I’m pretty darn impressed with GoodUI.org because:

  1. It makes it easy for visitors to navigate and to understand
  2. It lives its recommendations
  3. It can trigger inspiration and conversation.

Even if you don’t agree with all of the suggestions, this is a fantastic resource for user-experience teams. Even arguing over the relative merits of pushing a product rather than letting the customer make their own decisions is a productive exercise for your team. Check it out.

How awesome or useless are these ideas? More importantly, what are your ideas?

Prove you’re a human! With games!

One of my jobs is to track down interesting, pertinent articles and reduce them – and their URLs – to Twitter-friendly lengths. To get those links short, I use Ow.ly.

Full disclosure: I chose it because it was easy to remember and, at the time, had the fewest number of steps and sign-ins to go through. Lazy? Yes. I’m human.Screenshot of test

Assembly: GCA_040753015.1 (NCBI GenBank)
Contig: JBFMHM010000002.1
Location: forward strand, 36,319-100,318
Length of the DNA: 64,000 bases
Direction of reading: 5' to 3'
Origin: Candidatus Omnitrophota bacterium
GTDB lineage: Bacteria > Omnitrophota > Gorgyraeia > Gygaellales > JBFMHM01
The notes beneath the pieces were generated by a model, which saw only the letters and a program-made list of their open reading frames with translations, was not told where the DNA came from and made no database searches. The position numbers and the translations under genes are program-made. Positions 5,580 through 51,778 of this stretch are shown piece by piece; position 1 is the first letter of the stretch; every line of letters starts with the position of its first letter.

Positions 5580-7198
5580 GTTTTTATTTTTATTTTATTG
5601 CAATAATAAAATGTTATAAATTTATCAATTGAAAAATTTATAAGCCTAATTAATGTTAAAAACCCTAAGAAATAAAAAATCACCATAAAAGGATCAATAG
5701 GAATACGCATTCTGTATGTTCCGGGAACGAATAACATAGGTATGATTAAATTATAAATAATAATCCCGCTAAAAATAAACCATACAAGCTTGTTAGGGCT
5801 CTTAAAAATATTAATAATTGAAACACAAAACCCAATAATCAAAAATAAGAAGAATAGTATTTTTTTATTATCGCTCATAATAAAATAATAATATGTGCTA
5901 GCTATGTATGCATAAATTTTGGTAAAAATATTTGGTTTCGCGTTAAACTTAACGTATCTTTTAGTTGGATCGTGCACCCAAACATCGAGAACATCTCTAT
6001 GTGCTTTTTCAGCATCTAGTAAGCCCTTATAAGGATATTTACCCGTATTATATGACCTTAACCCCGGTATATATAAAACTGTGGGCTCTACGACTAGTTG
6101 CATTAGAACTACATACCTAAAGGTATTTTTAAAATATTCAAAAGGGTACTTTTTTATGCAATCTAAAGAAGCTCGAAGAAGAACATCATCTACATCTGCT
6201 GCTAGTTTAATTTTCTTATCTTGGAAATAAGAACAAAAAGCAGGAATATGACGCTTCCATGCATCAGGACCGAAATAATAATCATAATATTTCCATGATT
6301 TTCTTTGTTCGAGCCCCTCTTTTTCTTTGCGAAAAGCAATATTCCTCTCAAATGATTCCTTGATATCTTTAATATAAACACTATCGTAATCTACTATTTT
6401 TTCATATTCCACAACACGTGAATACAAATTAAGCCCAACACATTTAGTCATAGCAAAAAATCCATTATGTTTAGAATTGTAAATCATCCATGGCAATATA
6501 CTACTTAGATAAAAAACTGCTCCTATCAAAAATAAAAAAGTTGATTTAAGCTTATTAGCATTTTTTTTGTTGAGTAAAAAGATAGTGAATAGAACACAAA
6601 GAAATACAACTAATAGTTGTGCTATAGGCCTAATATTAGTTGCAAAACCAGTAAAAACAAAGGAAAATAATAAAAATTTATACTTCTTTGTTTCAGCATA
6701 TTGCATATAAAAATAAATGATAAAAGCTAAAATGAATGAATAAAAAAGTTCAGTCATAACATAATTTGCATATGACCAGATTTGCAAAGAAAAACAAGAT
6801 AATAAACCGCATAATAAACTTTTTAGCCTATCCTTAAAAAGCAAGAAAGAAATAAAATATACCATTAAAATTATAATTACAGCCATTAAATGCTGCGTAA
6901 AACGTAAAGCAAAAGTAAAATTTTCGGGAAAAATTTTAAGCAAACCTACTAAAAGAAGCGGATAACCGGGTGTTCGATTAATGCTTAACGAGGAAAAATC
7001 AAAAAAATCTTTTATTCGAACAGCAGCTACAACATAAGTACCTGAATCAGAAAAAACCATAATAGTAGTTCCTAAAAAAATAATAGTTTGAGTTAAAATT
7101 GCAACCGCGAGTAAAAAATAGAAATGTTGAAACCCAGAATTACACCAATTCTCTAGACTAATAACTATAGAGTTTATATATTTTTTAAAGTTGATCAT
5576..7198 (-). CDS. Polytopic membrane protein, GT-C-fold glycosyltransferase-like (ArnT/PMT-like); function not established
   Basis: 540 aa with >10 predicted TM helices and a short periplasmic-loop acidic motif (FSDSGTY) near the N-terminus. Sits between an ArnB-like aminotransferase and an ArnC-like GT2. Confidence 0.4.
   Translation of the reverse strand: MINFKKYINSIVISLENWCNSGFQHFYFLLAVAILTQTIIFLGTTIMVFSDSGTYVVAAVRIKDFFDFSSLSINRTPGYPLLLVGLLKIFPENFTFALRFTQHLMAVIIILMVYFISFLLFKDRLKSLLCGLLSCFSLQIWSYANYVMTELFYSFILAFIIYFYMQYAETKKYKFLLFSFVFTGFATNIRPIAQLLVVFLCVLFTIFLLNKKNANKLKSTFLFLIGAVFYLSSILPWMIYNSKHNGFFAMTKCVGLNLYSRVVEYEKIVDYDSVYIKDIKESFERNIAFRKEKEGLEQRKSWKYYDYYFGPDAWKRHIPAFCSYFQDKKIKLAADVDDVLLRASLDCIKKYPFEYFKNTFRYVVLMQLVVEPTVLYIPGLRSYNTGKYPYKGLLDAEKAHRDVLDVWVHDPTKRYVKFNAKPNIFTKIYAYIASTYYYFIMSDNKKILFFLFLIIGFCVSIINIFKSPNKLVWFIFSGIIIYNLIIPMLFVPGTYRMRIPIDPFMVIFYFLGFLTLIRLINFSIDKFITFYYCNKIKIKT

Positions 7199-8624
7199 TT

But I recently went through my URL-shortening routine and discovered that the normal CAPTCHA – those little boxes of text that look like someone scanned a photocopy of a water-damaged book printed in the 1630s – wasn’t there!  Instead, you just have to click “Shrink it!”

What pops up then is an interesting intersection of gamification, tech security, and a possible accessibility nightmare. A randomized, simple game shows up in which you drag the appropriate animated image to a predetermined spot. “Make lemonade”, the game requests, and if you drag the lemon and the ice – but not the basketball – to the pitcher, you have proven you’re a human. Your reward is the shortened URL.

Now, I’m not a big CAPTCHA hater. I’m quite good at deciphering the blurry letters and the s that looks like an f – again, text from the 1600s – and it never is unduly time-consuming for me to use the traditional CAPTCHA. However, if I remember correctly, computers are getting better at making the same distinctions I find so simple, and security folks have been scrambling for a good way for humans to prove their humanity without enraging every one of them. So I see why they upgraded their methods and made sure those upgrades were in a game form.

Matrix staffers tried it out, and most were conservatively positive about it. Oh, one person didn’t mind, and another loathed it, but most saw that this new method could be effective with a few tweaks. I’m mainly concerned about accessibility; there is an accessibility icon a user may click to get a different task, but since I’m able-bodied, I don’t think I’m in a position to judge.

You should go try it out.

Tell us what you think about Ow.ly’s replacing CAPTCHA with its new game.